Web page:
What to do in Spain in the case of road traffic accidents

By Velasco Lawyers

A recent survey made in different countries from a consortium of insurance companies came to the conclusion that on average 60 per cent of European car drivers do not know how to use the standard ‘European accident statement form’ (in Spanish ‘parte de declaración amistosa de accidentes’).

In Spain the relationship between the insured and the motor insurance companies is regulated by Royal Decree 8/2004 (law on civil responsibility and insurance in the usage of motor vehicles). Article 8 states that in order to speed up the compensation of the material damages by the insurers, the companies will have to provide the insured with European accident statement forms and the drivers will have to use them in case of accident. Failure to fill in the form will greatly increase the length of the administrative procedures that from a few weeks can then last up to several months.

Physical injury

If the accident involves physical injury, it is always recommended to call the emergency number 112 or alternatively the Policia National (telephone number 091) if the accident was in a urban area, or the Guardia Civil (telephone number 062) if the accident happened on a national road. The police or the Guardia Civil report will have priority over any other form.

If you don’t speak Spanish your insurance company can provide you with forms in English. Except for the language, the Spanish and English forms are strictly identical.

Once the form is filled in, each party should keep a copy and send it to their insurance company.

The important data

In the ‘European accident statement form’ it is fundamental to fill in the details of the drivers and the insurance policy numbers.

If there are witnesses, get their details, as they will be called to testify in case of a dispute. It’s particularly important to take extra care in ticking the right boxes in point number 12 and to make a clear drawing of the accident in point number 13 as the insurance companies will determine the party responsibility based on this information. Number 14, the space reserved for extra information, can be completed in English as well and will be used to complement information from points 12 and 13.

Unless there is disagreement between the two parties related to the information on the accident statement form, the document will have to be signed by the two parties. If no agreement can be reached, it is a good idea to call the Guardia Civil or the police, which will help to determine how the accident happened.

Take pictures of the cars at the accident scene and a close-up of the damage. Make sure the registration plates are shown in the photos.

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    • m stoddart

      02 August 2015 • 19:43

      I had a crash in Spain and the guardia civil were called the other driver attacked my car, by climbing on the bonnet, kicking my door panels, trying to break my window, kicking my wing mirror off and causing me actual bodily harm by pulling at my shoulder through a partly open window. The guardia did not supply me with an interperuter, should they have done, and did they break my civil rights by not doing this. Somebody please let me know. Mal

    • Roy Peters

      03 August 2015 • 10:05

      The Spanish Police almost always automatically assume that you as a foreigner are at fault.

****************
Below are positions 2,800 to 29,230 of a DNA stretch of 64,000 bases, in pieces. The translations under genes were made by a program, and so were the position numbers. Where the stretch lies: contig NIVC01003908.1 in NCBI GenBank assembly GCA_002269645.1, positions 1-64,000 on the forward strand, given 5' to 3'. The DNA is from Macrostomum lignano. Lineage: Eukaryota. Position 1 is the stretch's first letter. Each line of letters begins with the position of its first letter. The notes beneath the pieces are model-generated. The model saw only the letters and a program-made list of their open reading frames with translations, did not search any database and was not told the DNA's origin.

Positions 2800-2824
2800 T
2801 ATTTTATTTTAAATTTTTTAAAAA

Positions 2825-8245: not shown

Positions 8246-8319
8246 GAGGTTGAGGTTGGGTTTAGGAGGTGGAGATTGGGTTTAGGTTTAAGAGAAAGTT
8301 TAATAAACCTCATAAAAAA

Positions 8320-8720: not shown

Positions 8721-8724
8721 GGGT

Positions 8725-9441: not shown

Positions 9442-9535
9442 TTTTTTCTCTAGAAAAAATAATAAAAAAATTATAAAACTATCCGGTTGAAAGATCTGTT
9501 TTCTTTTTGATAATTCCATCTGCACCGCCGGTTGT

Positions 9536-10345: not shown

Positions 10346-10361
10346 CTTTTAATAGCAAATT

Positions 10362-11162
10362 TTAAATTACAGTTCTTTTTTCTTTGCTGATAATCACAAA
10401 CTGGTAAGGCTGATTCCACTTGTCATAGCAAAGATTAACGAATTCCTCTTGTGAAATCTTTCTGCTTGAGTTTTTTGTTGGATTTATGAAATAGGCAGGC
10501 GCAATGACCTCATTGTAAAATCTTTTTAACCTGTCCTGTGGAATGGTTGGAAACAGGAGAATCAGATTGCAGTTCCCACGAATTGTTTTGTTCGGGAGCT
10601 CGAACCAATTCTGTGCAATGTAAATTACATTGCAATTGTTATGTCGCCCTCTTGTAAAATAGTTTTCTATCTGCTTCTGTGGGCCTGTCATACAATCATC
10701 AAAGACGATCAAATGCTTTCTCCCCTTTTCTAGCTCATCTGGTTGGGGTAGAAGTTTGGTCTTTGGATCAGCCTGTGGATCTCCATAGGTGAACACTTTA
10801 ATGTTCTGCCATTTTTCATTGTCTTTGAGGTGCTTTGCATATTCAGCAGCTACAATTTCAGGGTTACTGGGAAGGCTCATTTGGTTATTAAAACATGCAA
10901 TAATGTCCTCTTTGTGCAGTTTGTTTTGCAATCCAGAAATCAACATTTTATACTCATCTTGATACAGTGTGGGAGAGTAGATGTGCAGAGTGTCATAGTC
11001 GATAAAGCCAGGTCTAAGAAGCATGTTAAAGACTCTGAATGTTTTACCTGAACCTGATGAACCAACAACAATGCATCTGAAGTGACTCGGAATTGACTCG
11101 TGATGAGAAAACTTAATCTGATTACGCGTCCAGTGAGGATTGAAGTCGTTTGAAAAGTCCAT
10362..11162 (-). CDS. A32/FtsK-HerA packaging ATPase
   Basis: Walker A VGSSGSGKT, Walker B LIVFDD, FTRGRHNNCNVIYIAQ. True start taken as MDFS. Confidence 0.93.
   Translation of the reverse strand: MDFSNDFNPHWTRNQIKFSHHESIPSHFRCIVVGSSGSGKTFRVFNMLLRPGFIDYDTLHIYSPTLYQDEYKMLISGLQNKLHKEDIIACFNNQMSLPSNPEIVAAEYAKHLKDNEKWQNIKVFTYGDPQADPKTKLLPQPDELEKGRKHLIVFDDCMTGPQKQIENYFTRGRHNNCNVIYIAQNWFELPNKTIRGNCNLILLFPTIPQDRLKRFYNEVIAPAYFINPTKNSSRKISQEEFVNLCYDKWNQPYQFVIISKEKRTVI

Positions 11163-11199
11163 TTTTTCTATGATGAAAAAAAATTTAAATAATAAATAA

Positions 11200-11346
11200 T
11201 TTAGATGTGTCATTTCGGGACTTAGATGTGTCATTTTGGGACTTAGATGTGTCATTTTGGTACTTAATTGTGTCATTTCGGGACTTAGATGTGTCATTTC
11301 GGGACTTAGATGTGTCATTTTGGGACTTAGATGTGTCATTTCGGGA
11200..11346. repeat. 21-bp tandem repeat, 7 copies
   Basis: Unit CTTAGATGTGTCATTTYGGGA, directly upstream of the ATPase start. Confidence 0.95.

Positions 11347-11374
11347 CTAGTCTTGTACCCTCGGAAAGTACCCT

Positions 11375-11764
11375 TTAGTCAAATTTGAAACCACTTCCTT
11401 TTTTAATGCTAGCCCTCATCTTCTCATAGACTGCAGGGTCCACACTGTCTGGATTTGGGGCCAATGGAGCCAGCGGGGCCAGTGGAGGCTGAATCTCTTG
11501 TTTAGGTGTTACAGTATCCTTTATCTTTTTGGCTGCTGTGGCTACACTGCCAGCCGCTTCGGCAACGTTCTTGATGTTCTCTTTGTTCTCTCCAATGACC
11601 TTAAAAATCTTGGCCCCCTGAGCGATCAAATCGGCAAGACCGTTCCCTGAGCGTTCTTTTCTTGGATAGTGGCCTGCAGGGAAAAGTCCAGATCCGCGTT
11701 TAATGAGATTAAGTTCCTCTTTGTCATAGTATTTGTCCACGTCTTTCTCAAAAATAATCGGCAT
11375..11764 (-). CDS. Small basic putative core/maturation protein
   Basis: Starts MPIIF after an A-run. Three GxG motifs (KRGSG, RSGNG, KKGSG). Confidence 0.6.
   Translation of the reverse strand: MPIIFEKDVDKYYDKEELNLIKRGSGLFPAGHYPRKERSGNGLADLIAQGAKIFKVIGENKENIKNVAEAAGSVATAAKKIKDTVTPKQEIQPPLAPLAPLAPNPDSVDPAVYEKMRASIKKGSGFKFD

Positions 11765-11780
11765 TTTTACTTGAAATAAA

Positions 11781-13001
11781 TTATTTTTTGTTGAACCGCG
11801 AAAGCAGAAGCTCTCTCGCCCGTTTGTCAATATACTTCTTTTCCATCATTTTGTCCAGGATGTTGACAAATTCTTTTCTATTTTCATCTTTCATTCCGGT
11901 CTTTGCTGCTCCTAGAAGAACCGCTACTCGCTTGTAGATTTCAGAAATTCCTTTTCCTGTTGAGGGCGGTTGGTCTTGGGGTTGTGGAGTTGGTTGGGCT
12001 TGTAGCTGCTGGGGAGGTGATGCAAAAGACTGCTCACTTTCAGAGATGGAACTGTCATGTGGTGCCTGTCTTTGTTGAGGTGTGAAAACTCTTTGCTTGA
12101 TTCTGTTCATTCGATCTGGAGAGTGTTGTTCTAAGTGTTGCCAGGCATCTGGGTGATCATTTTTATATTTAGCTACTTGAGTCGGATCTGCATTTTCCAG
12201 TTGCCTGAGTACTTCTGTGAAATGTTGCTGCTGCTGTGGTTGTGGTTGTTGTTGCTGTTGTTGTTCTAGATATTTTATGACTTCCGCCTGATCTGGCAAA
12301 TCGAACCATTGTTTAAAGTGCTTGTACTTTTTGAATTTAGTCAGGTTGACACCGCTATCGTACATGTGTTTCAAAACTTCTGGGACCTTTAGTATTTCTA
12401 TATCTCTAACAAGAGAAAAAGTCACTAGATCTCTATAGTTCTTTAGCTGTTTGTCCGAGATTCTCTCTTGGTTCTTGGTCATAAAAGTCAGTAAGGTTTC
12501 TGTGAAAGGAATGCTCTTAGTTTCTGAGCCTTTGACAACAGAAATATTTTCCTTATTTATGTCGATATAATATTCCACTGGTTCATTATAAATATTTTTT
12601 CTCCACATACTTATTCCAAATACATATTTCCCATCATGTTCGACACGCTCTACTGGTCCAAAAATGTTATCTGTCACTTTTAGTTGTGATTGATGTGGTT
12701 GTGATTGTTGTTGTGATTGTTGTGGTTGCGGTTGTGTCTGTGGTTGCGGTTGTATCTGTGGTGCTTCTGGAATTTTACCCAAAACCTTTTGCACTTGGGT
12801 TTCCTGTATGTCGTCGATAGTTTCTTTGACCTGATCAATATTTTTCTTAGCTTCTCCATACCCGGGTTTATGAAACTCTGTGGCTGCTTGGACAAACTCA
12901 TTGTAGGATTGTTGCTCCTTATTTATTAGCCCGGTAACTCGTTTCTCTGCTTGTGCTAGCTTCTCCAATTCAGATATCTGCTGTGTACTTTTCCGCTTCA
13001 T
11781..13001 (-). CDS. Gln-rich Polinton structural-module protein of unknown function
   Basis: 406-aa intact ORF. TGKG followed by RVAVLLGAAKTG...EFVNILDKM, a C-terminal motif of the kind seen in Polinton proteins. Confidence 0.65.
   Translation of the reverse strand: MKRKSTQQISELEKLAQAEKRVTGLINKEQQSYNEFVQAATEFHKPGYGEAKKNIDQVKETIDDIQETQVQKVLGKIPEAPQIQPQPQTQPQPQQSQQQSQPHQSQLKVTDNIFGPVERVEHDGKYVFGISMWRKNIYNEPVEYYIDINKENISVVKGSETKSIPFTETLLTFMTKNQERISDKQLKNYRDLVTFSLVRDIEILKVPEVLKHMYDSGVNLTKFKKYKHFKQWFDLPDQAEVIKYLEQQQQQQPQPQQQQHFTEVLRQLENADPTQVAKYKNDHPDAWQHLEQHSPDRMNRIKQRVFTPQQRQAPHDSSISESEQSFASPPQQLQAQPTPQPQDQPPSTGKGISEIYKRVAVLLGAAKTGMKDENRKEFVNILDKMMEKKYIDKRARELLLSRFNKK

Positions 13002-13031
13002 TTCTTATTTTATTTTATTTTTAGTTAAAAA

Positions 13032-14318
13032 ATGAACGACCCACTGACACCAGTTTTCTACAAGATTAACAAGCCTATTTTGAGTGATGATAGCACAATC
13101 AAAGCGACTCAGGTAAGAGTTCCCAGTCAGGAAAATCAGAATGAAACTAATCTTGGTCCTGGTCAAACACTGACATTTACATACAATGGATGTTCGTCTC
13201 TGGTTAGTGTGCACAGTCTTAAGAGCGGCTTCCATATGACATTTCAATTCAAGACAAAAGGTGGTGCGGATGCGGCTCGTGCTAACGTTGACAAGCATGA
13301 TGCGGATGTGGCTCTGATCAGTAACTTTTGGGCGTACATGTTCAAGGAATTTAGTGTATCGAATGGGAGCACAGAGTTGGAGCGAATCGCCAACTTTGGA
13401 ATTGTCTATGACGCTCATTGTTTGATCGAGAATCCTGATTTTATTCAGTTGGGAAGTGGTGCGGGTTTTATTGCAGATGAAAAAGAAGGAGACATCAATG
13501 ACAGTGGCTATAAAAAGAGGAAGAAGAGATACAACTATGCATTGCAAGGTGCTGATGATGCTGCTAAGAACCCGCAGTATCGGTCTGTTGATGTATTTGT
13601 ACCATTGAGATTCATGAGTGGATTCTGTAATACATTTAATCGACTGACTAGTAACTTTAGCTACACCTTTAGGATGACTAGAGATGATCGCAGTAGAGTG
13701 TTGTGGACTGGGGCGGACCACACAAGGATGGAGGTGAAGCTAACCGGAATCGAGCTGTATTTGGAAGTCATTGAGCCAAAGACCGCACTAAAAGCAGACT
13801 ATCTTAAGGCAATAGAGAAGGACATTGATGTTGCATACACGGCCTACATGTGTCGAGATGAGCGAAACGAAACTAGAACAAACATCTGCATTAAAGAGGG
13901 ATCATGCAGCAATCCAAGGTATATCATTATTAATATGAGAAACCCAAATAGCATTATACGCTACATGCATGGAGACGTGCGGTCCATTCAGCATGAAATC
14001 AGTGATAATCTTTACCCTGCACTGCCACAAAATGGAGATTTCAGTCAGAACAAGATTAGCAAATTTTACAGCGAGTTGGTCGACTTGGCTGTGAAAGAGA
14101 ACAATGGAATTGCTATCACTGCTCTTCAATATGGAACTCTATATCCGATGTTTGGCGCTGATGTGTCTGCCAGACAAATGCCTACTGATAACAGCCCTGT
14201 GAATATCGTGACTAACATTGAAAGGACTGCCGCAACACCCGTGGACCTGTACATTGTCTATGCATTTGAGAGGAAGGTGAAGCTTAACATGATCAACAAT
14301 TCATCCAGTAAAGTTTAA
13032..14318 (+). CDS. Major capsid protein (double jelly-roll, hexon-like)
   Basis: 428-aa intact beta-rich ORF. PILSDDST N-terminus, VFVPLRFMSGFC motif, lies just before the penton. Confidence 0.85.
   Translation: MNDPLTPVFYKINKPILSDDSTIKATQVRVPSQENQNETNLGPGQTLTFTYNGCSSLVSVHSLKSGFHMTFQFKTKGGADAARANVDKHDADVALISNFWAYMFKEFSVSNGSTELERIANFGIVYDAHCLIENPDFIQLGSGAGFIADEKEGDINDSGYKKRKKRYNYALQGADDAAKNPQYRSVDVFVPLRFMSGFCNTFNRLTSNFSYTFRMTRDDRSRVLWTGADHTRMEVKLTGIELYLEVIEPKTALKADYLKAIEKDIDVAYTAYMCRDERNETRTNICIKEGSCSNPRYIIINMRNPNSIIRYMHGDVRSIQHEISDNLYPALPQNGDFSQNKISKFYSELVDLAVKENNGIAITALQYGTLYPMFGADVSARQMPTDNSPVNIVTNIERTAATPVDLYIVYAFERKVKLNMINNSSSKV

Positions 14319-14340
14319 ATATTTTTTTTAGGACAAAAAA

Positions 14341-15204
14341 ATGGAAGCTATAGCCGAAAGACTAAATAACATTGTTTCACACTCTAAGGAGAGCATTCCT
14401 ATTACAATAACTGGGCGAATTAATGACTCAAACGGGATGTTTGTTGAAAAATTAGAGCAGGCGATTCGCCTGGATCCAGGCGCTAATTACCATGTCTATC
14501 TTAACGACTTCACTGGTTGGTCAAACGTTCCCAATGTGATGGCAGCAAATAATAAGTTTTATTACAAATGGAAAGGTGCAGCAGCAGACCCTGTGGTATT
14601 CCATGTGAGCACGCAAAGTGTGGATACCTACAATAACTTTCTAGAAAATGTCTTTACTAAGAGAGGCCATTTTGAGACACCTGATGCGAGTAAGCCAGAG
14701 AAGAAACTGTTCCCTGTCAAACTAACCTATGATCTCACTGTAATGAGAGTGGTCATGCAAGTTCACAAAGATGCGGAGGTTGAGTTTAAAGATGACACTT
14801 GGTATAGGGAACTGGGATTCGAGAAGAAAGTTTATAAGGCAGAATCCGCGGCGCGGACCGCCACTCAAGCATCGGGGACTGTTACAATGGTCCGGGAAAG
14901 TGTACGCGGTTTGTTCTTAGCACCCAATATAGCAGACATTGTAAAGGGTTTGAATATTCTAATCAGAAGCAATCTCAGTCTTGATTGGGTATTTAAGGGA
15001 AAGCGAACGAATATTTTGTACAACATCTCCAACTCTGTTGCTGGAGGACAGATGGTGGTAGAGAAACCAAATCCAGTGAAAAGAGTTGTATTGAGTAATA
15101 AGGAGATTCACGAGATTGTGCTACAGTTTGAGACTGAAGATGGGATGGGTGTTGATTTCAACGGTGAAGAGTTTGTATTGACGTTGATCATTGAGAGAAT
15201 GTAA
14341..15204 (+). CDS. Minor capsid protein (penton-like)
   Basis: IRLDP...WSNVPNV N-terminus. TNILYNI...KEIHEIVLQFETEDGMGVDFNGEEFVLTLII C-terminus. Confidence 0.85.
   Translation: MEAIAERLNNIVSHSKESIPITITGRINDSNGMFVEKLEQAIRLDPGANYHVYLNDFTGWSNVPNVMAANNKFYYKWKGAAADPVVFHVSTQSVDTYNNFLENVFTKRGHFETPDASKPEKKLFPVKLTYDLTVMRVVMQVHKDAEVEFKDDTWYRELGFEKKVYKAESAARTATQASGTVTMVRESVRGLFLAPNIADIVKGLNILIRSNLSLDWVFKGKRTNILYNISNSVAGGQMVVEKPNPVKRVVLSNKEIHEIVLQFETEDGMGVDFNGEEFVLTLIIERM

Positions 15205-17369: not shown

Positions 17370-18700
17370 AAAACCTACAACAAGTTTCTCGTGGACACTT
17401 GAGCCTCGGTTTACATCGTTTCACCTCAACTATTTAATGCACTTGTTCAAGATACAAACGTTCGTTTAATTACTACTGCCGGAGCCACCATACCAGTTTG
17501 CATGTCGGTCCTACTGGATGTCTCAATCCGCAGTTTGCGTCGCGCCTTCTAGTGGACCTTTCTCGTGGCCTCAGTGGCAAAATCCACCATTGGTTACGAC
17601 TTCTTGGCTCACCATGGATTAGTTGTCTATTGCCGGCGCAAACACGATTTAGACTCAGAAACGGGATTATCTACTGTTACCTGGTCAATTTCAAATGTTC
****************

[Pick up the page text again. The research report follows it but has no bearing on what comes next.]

I barely touched the back of a car in Puerto Banus causing no damage, but when we stopped there was a round dent obviously caused by a towing hook in the rear bumper of the wormans car.
      A Policeman was nearby and helped her fill in the form and he blamed the damage on us despite the fact there are NO protusions on the front of our Seat.
      Despite us telling the insurance the truth, they paid out because they cannot go against the police.
      Its always the same, if you are not Spanish its always your fault.

    • Mike

      03 August 2015 • 16:49

      The Guardia Civil used to be a ‘proper’ police force but over the last 8 to 10 years they appear to have gone down hill rapidly. The last couple of times I have had encounters with them one of the officers was screaming at me as if he was out of his mind! He was a young officer but his attitude actually made me wonder if the bloke had been drinking or taking something, it was definitely not the attitude you expect from a Police officer.

      I speak Spanish although obviously a foreigner but on my last encounter the officers only interest was the Spanish person who caused the issue, once that person actually admitted they where at fault and the office could not get him to make complaint it was ‘right on your way as we are causing an obstruction’, my rights where not important nor the fact he was thumping my car.

      I am now fully convinced that the Local Police and the Guardia Civil have quite a few racist officers, if someone had asked my if I though that 10 years ago I would have defended them to the hilt but now it seems clear to see there are quite a few racist officers.

      It really surprises me that Police officers do not get some sort of public relations teachings here as part of their policing education. I find if you ask an officer something generally they appear to have a slightly uneasy responce, verging on the wanting to be unhelpful or ‘I will tell him so he leaves me alone attitude’ when they should be a lot more friendly and not behave like they are dealing with a creature from another planet, in fact I find this same attitude from almost anyone that wares a uniform here, maybe they feel a uniform gives them some sort of superiority. 😉


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